Strombolian eruptions are relatively mild blasts with a volcanic explosivity index of about 1 to 3. They are named for the Italian volcano Stromboli. Strombolian eruptions consist of ejection of incandescent cinder, lapilli, and lava bombs, to altitudes of tens to a few hundreds of metres. The eruptions are small to medium in volume, with sporadic violence.
Volcanic eruptions arise through three main mechanisms:
There are two types of eruptions in terms of activity, explosive eruptions and effusive eruptions. Explosive eruptions are characterized by gas-driven explosions that propels magma and tephra.Effusive eruptions, meanwhile, are characterized by the outpouring of lava without significant explosive eruption.
In volcanology, an explosive eruption is a volcanic eruption of the most violent type. A notable example is the 1980 eruption of Mount St. Helens. Such eruptions result when sufficient gas has dissolved under pressure within a viscous magma such that expelled lava violently froths into volcanic ash when pressure is suddenly lowered at the vent. Sometimes a lava plug will block the conduit to the summit, and when this occurs, eruptions are more violent. Explosive eruptions can send rocks, dust, gas and pyroclastic material up to 20 km into the atmosphere at a rate of up to 100,000 tonnes per second, traveling at several hundred meters per second. This cloud may then collapse, creating a pyroclastic flow of hot volcanic matter.
An effusive eruption is a type of volcanic eruption in which lava steadily flows out of a volcano onto the ground. There are two major groupings of eruptions: effusive and explosive. Effusive eruption differs from explosive eruption, wherein magma is violently fragmented and rapidly expelled from a volcano. Effusive eruptions are most common in basaltic magmas, but they also occur in intermediate and felsic magmas. These eruptions form lava flows and lava domes, each of which vary in shape, length, and width. Deep in the crust, gasses are dissolved into the magma because of high pressures, but upon ascent and eruption, pressure drops rapidly, and these gasses begin to exsolve out of the melt. A volcanic eruption is effusive when the erupting magma is volatile poor, which suppresses fragmentation, creating an oozing magma which spills out of the volcanic vent and out into the surrounding area. The shape of effusive lava flows is governed by the type of lava, rate and duration of eruption, and topography of the surrounding landscape.
Magma is the molten or semi-molten natural material from which all igneous rocks are formed. Magma is found beneath the surface of the Earth, and evidence of magmatism has also been discovered on other terrestrial planets and some natural satellites. Besides molten rock, magma may also contain suspended crystals and gas bubbles. Magma is produced by melting of the mantle and/or the crust at various tectonic settings, including subduction zones, continental rift zones, mid-ocean ridges and hotspots. Mantle and crustal melts migrate upwards through the crust where they are thought to be stored in magma chambers or trans-crustal crystal-rich mush zones. During their storage in the crust, magma compositions may be modified by fractional crystallization, contamination with crustal melts, magma mixing, and degassing. Following their ascent through the crust, magmas may feed a volcano or solidify underground to form an intrusion. While the study of magma has historically relied on observing magma in the form of lava flows, magma has been encountered in situ three times during geothermal drilling projects—twice in Iceland, and once in Hawaii.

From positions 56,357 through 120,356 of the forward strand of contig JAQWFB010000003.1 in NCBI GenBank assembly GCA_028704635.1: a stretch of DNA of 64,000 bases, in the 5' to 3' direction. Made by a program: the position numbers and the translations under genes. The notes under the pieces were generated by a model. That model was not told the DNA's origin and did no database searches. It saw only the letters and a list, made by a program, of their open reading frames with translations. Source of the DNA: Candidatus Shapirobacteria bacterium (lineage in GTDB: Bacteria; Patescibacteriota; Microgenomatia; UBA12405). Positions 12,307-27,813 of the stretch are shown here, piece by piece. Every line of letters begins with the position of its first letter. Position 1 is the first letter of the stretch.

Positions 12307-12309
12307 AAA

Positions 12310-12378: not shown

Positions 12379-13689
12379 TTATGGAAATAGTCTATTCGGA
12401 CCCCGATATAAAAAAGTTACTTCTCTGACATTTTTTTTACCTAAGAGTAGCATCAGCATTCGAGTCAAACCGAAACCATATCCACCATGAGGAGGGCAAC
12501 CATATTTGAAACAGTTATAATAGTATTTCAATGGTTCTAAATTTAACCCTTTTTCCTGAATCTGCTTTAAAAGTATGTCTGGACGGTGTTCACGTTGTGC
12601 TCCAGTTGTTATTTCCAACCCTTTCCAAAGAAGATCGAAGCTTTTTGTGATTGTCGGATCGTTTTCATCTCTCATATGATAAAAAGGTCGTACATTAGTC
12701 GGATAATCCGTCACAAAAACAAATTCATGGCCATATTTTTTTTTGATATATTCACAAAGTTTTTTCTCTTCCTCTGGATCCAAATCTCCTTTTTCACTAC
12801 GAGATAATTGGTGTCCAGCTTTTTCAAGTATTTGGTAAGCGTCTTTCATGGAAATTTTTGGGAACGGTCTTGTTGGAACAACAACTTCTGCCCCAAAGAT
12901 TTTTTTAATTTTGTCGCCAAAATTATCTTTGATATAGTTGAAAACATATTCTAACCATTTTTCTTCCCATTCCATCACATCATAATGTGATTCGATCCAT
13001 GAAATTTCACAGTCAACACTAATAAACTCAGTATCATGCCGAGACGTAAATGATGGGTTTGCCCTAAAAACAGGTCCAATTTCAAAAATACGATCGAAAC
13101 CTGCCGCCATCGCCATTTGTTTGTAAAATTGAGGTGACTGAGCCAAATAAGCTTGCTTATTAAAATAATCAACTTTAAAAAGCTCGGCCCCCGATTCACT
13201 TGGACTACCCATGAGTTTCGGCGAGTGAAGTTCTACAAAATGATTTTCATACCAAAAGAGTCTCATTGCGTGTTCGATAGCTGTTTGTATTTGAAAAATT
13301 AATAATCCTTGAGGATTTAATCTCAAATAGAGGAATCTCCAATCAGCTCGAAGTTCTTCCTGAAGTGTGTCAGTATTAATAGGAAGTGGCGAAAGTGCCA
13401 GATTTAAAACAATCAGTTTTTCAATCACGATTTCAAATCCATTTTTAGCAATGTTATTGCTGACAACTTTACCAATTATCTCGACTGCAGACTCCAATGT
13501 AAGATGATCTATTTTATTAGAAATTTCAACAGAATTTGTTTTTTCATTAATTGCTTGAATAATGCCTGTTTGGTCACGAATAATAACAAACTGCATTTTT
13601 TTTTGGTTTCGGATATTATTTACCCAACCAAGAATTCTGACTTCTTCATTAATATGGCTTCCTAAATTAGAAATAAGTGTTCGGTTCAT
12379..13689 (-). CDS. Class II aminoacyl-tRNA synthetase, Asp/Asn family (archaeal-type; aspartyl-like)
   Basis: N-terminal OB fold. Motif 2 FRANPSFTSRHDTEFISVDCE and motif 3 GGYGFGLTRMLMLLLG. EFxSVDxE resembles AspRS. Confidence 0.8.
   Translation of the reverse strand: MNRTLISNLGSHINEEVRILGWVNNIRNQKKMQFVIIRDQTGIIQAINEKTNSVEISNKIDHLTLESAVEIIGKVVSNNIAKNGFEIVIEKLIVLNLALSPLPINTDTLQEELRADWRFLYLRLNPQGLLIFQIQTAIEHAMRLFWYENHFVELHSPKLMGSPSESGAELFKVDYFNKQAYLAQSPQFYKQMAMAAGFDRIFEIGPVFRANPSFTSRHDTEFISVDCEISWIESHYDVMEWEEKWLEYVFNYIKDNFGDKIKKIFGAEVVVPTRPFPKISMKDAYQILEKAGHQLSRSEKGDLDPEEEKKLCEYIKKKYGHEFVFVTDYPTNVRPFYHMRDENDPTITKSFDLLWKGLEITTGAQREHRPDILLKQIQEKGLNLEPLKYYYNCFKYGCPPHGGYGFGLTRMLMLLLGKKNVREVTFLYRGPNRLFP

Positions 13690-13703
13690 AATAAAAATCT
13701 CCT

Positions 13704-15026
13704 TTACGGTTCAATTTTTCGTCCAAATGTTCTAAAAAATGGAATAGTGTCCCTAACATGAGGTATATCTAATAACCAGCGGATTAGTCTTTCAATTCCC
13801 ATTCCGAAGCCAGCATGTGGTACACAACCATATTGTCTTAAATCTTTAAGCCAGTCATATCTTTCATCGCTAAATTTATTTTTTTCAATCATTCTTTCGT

Volcanic eruptions vary widely in strength. On the one extreme there are effusive Hawaiian eruptions, which are characterized by lava fountains and fluid lava flows, which are typically not very dangerous. On the other extreme, Plinian eruptions are large, violent, and highly dangerous explosive events. Volcanoes are not bound to one eruptive style, and frequently display many different types, both passive and explosive, even in the span of a single eruptive cycle.Volcanoes do not always erupt vertically from a single crater near their peak, either. Some volcanoes exhibit lateral and fissure eruptions. Notably, many Hawaiian eruptions start from rift zones, and some of the strongest Surtseyan eruptions develop along fracture zones. Scientists believed that pulses of magma mixed together in the chamber before climbing upward—a process estimated to take several thousands of years. But Columbia University volcanologists found that the eruption of Costa Rica’s Irazú Volcano in 1963 was likely triggered by magma that took a nonstop route from the mantle over just a few months.
The Volcanic Explosivity Index (commonly shortened to VEI) is a scale, from 0 to 8, for measuring the strength of eruptions. It is used by the Smithsonian Institution's Global Volcanism Program in assessing the impact of historic and prehistoric lava flows. It operates in a way similar to the Richter scale for earthquakes, in that each interval in value represents a tenfold increasing in magnitude (it is logarithmic).The vast majority of volcanic eruptions are of VEIs between 0 and 2.
Volcanic eruptions by VEI index
|VEI||Plume height||Eruptive volume *||Eruption type||Frequency **||Example|
|0||<100 m (330 ft)||1,000 m3 (35,300 cu ft)||Hawaiian||Continuous||Kilauea|
|1||100–1,000 m (300–3,300 ft)||10,000 m3 (353,000 cu ft)||Hawaiian/Strombolian||Fortnightly||Stromboli|